451 These are usually used to access struct data members once the struct has
452 been locked - usually with lock_user_struct. */
453
454 /* Tricky points:
455 - Use __builtin_choose_expr to avoid type promotion from ?:,
456 - Invalid sizes result in a compile time error stemming from
457 the fact that abort has no parameters.
458 - It's easier to use the endian-specific unaligned load/store
459 functions than host-endian unaligned load/store plus tswapN. */
460
461 #define __put_user_e(x, hptr, e) \
462 (__builtin_choose_expr(sizeof(*(hptr)) == 1, stb_p, \
463 __builtin_choose_expr(sizeof(*(hptr)) == 2, stw_##e##_p, \
464 __builtin_choose_expr(sizeof(*(hptr)) == 4, stl_##e##_p, \
465 __builtin_choose_expr(sizeof(*(hptr)) == 8, stq_##e##_p, abort)))) \
466 ((hptr), (x)), (void)0)
467
468 #define __get_user_e(x, hptr, e) \
469 ((x) = (typeof(*hptr))( \
470 __builtin_choose_expr(sizeof(*(hptr)) == 1, ldub_p, \
471 __builtin_choose_expr(sizeof(*(hptr)) == 2, lduw_##e##_p, \
472 __builtin_choose_expr(sizeof(*(hptr)) == 4, ldl_##e##_p, \
473 __builtin_choose_expr(sizeof(*(hptr)) == 8, ldq_##e##_p, abort)))) \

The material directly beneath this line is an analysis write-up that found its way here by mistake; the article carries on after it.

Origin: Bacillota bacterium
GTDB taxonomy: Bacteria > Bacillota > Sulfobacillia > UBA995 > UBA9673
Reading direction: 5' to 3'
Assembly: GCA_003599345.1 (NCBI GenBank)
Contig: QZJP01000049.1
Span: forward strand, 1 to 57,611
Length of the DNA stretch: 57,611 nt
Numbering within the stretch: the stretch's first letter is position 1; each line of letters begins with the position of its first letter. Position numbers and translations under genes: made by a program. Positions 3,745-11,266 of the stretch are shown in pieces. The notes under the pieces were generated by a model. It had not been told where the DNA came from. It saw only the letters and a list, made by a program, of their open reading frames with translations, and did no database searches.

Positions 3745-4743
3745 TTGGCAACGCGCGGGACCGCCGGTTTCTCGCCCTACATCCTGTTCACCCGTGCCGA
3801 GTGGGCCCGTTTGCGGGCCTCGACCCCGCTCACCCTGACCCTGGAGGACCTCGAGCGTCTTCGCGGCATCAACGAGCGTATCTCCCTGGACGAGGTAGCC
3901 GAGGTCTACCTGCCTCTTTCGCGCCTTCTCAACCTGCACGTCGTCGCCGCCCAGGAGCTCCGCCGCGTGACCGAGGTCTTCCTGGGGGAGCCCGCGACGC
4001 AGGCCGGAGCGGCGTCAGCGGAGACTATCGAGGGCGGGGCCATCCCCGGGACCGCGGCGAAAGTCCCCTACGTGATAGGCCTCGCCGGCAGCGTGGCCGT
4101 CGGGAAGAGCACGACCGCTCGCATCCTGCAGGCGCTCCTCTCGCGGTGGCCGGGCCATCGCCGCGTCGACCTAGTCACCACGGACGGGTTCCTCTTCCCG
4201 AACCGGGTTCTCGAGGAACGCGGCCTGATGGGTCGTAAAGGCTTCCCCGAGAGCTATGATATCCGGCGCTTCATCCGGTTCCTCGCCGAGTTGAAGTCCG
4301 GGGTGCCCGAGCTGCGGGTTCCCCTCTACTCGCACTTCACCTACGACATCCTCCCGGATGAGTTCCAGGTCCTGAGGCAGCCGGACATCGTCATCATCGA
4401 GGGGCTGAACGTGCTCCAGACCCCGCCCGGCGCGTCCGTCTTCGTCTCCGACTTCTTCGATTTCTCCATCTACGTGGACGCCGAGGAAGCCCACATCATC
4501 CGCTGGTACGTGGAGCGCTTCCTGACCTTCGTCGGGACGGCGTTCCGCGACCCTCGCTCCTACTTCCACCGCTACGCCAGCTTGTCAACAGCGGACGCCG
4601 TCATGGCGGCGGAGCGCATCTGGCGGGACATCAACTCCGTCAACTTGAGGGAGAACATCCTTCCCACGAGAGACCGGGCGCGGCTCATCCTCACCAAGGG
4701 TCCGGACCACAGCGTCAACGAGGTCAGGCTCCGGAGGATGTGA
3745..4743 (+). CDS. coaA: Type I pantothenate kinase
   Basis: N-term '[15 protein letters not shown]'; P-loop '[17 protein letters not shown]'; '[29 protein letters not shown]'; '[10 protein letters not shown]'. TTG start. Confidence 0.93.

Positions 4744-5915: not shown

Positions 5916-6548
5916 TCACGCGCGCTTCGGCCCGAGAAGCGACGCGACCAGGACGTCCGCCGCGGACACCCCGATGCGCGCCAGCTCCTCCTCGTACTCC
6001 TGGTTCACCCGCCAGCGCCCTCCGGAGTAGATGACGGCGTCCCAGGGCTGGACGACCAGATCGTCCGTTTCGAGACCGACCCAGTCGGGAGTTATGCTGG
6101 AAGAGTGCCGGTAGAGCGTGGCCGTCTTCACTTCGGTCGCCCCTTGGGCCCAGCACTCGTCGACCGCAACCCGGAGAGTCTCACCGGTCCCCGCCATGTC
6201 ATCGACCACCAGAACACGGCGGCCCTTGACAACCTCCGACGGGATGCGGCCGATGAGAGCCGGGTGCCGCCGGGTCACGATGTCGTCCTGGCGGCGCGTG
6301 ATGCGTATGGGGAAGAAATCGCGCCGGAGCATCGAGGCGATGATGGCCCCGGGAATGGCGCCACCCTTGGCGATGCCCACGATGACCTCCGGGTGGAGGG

474 (hptr)), (void)0)
475
476 #ifdef TARGET_WORDS_BIGENDIAN
477 # define __put_user(x, hptr) __put_user_e(x, hptr, be)
478 # define __get_user(x, hptr) __get_user_e(x, hptr, be)
479 #else
480 # define __put_user(x, hptr) __put_user_e(x, hptr, le)
481 # define __get_user(x, hptr) __get_user_e(x, hptr, le)
482 #endif
483
484 /* put_user()/get_user() take a guest address and check access */
485 /* These are usually used to access an atomic data type, such as an int,
486 * that has been passed by address. These internally perform locking
487 * and unlocking on the data type.
488 */
489 #define put_user(x, gaddr, target_type) \
490 ({ \
491 abi_ulong __gaddr = (gaddr); \
492 target_type *__hptr; \
493 abi_long __ret = 0; \
494 if ((__hptr = lock_user(VERIFY_WRITE, __gaddr, sizeof(target_type), 0))) { \
495 __put_user((x), __hptr); \
496 unlock_user(__hptr, __gaddr, sizeof(target_type)); \
497 } else \
498 __ret = -TARGET_EFAULT; \
499 __ret; \
500 })
501
502 #define get_user(x, gaddr, target_type) \
503 ({ \
504 abi_ulong __gaddr = (gaddr); \